Columbus lawyer models career after leaders in the African-American legal community

CONTACT:  Kenneth A. Brown, OSBA, 800-282-6556 or 614-487-4426

Columbus, OHIO (Nov. 10, 2009) – Ever since Ohio State Bar Association (OSBA) member Anthony M. Sharett was invited to a John Mercer Langston Bar Association (JMLBA) meeting fresh out of law school, he has been hooked. Sharett joined JMLBA for the sense of community and the opportunity to network with successful legal practitioners from the African-American community. Fast-forward seven years, and he is now the president of the association named for the first African-American admitted to the Ohio bar.

“The JMLBA is fortunate to have passionate, active members who understand the importance of having a thriving African-American bar association in Central Ohio.” Sharett said. “Our members’ engagement in the legal community to promote equity and professionalism and mentoring of law students and young attorneys is what excites me about leading this great organization.”

Sharett feels there are topics and issues that are unique to the JMLBA’s demographics. The ability to share experiences and discuss these important matters only improves member attorneys’ chances of being successful practitioners, and also provides them with an opportunity to mentor those who are growing within the profession and community. As president, Sharett will be working with an advisory board of seasoned practitioners who will meet to help the executive board set an organizational agenda. Sharett also wants to establish a committee to determine additional benefits for JMLBA members.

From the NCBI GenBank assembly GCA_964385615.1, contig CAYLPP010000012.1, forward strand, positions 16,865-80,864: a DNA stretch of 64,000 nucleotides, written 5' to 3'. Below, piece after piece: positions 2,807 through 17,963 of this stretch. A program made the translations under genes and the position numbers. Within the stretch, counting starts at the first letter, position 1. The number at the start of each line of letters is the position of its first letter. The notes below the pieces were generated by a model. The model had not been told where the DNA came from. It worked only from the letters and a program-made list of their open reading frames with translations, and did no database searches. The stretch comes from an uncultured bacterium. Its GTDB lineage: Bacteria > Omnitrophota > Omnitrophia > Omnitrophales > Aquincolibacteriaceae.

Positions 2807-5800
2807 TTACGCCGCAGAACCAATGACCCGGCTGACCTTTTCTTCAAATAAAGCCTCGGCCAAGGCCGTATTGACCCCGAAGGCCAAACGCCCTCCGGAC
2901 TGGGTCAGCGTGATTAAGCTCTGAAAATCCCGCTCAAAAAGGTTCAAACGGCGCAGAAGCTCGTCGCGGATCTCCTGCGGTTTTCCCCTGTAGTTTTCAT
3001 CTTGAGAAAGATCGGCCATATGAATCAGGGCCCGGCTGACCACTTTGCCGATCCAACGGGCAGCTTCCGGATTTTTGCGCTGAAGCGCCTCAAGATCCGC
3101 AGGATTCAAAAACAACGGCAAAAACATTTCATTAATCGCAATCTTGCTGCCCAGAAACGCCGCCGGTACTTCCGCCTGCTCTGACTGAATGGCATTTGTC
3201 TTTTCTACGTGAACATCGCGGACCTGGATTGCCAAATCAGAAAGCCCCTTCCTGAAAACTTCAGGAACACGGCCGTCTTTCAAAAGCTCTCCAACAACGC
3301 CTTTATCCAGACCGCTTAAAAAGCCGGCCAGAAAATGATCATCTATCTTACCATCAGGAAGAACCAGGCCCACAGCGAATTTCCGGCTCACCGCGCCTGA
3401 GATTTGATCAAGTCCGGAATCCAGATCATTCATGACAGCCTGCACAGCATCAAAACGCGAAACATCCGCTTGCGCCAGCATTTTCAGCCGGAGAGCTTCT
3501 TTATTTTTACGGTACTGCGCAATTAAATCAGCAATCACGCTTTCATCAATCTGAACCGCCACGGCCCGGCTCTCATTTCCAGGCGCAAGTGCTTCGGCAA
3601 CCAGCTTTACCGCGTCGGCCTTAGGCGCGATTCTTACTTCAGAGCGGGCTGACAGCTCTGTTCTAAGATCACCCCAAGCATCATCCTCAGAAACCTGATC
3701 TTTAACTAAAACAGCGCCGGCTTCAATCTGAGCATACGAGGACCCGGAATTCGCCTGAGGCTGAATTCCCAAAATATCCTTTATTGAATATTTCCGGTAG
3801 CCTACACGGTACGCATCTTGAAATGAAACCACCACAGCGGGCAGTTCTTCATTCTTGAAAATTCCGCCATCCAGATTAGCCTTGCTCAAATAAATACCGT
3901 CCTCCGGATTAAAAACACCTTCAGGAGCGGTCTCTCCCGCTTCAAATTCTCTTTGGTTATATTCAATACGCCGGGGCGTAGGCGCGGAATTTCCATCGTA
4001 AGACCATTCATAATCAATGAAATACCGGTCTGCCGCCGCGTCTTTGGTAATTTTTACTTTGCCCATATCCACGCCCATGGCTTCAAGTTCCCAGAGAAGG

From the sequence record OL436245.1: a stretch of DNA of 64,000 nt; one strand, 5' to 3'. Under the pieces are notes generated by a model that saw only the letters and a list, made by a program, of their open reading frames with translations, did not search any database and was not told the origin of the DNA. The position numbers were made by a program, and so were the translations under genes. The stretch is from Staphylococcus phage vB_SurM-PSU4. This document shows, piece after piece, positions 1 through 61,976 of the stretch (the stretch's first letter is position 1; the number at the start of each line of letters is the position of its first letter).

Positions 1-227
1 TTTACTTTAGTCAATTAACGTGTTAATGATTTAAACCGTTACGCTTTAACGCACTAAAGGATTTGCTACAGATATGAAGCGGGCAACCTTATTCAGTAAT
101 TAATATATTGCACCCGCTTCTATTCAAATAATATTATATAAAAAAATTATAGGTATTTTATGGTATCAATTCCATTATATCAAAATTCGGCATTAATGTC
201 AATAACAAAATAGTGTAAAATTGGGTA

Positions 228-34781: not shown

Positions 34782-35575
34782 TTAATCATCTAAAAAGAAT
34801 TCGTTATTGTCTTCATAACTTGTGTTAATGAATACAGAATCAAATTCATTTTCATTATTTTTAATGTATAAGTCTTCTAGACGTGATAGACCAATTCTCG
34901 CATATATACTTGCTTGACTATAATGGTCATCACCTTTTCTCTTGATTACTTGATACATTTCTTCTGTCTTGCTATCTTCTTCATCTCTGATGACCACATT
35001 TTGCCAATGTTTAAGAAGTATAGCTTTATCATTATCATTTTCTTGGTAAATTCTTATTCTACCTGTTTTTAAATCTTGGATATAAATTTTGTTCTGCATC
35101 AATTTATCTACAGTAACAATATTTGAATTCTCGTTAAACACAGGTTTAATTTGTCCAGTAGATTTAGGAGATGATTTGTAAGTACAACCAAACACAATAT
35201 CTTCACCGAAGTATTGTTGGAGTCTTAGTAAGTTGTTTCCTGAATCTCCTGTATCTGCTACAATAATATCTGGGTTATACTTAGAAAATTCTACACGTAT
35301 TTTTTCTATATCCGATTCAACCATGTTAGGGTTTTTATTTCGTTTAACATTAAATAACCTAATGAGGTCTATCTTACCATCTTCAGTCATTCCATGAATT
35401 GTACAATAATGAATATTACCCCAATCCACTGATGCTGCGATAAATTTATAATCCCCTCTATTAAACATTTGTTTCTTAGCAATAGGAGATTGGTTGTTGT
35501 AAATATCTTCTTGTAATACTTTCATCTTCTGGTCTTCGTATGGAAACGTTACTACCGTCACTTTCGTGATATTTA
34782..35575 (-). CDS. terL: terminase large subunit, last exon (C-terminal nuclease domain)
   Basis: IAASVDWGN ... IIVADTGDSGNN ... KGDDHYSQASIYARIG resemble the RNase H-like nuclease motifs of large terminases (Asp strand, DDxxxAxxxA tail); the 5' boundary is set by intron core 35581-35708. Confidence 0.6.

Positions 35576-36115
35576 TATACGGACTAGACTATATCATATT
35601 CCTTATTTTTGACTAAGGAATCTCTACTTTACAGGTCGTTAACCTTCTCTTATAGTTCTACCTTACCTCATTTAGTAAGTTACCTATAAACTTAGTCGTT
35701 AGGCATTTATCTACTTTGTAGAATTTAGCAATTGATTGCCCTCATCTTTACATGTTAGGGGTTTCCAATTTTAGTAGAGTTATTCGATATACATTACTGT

In addition to his role in the JMLBA, Sharett is the founder and chair of the Free Legal Clinic hosted by the First Church of God in Columbus, Ohio. The clinic operates on the first Tuesday of every month and has saved people from wrongful eviction, counseled clients regarding debt collection and foreclosure, and retrieved money for clients wrongly collected due to identity theft. Commenting on the clinic’s success Sharett said, “The clinic has provided a valuable service to those in need and the volunteers have benefited from the appreciation that our clients have shown us due to the representation.”

Sharett has been a member of the OSBA for seven years. He is a former member of the Young Lawyers Section, a current member of the Administrative Law Committee, and a member of Ohio State Bar Foundation’s 2010 Fellows class. He also has participated in OSBA-sponsored dialogues concerning racial justice.

Sharett serves on the Board of Governors for the Columbus Bar Association, the Executive Committee and Board Member of the Columbus Early Learning Centers and as vice-chair of FIRSTLINK. He also serves on the African-American Advisory Council for Big Brothers Big Sisters of Central Ohio and is a member of the United Way of Central Ohio’s Income Impact Council. Sharett is an attorney at the Columbus law firm of Bricker & Eckler, as is his wife, Hope. They live in Reynoldsburg with their four-year-old daughter, Ava.

The Ohio State Bar Association, founded in 1880, is a voluntary association representing approximately 25,000 members of the bench and bar of Ohio as well as nearly 4,000 legal assistants and law students. Through its activities and the activities of its related organizations, the OSBA serves both its members and the public by promoting the highest standards in the practice of law and the administration of justice.




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